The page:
I havent bought/used a camcorder in 10+ years. However, I do enjoy digital photography as a hobby of mine. For the past 2.5 years I have been shooting with a Pentax K-X DSLR, with either the Tamron 28-75mm f2.8 lens or the Pentax DA 50mm f1.4 prime. The K-x does HD video also so my main comparisons and thoughts will be based on what I had seen the K-x do in terms of video. Decided to ultimately buy a dedicated camcorder b/c the lack of active auto-focus in the K-x was a deal breaker in terms of shooting video of my baby girl
Comparisons to other camcorders in price range:
This HC-V700K is Panasonic's mid-range camcorder, its so-to-speak "top of the line consumer" camcorder (next step up being prosumer, Panasonic X900MK). The HC-V700K is for all intents and purposes the 2012 version of the 2011 TM-90K, a very highly rated camcorder in 2011.
The two main camcorders i was considering in this price range was this Panasonic V700 and the Canon M500. The Canon M500 is Canon's 2012 successor to 2011's M400. The M400 was probably the best rated mid-range camcorder of 2011, most notably touted for its awesome pro-level sensor and low-light capabilities. The Canon M500 retains basically the same sensor and good low-light capabilities.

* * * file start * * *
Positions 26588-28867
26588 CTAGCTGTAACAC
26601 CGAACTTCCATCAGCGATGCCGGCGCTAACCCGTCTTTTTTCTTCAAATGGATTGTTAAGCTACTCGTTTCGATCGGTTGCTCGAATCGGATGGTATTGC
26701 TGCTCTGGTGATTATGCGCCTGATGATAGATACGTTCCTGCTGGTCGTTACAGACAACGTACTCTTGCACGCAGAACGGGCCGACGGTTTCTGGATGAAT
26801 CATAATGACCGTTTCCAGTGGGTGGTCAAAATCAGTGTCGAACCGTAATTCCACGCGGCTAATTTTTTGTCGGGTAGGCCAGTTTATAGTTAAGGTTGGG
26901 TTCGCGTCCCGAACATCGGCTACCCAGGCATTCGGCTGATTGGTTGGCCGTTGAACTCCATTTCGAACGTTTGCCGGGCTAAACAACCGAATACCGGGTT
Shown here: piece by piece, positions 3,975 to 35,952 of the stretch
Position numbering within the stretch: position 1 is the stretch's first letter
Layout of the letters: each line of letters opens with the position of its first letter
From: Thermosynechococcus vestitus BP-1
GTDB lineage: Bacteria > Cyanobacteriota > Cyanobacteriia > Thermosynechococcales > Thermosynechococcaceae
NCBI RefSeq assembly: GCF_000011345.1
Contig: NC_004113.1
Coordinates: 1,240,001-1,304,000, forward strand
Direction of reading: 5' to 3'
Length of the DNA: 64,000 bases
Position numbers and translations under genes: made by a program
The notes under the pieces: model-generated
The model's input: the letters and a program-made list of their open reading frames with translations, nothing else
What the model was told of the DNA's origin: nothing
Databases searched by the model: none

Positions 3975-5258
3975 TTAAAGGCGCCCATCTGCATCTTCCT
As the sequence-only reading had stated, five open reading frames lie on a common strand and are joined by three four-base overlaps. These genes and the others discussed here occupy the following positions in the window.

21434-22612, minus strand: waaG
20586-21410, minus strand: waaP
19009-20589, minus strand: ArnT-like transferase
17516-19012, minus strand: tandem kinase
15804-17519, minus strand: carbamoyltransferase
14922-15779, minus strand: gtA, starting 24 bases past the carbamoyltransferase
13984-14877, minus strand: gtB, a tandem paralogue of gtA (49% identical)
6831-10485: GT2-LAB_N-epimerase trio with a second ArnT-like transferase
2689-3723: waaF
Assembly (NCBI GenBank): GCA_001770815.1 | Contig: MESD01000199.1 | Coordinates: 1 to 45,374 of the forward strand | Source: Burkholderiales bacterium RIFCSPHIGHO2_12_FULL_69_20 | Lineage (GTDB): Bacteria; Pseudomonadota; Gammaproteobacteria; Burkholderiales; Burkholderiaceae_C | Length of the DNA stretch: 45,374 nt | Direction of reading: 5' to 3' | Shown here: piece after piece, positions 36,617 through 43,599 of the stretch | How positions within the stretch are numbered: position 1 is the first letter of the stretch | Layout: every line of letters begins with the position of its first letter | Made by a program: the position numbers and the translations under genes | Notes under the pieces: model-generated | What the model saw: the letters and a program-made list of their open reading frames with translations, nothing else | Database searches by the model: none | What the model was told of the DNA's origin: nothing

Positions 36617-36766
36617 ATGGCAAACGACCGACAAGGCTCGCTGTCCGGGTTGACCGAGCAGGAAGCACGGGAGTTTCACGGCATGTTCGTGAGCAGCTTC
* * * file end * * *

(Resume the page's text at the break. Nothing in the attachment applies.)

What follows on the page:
Why did I end up choosing the Panasonic over the Canon? To be honest, one reason was price. Currently, the Panasonic could be had for about $100 cheaper than the Canon. I think if both were the same price, I would have gone with the Canon. But $100 is a lot of dough these days, and I felt like from my research the differences in video quality between the Canon and Panasonic were probably not great enough (in my needs) to justify the extra money. Second (now I am just going to rationalize my decision more :) ), the Panasonic has a higher resolution LCD than the Canon. Third, the Panasonic is capable of greater zoom than the Canon. Fourth, based on reviews and comments online I have read, the image stabilization in the Panasonic slightly edges out Canon's. Based on my own personal experience, the stabilization is VERY good, especially when zoomed in.
Like I said i havent really handled a camcorder in a very long time. I was shocked to see how small and light this thing is. It seems well built enough, although the lack of heft does make it feel a tiny bit "cheap" or "plasticky." However I can tell that it is a quality product. This camcorder is so small it fits in the side pocket of my DSLR bag. Buttons seem to be in ergonomic areas, and i never found it awkward to use the camcorder. The touch screen LCD seems responsive enough. Yes, in direct sunlight it may be a little hard to see the LCD and a viewfinder would have been nice, but i never found it impossible to shoot outdoors.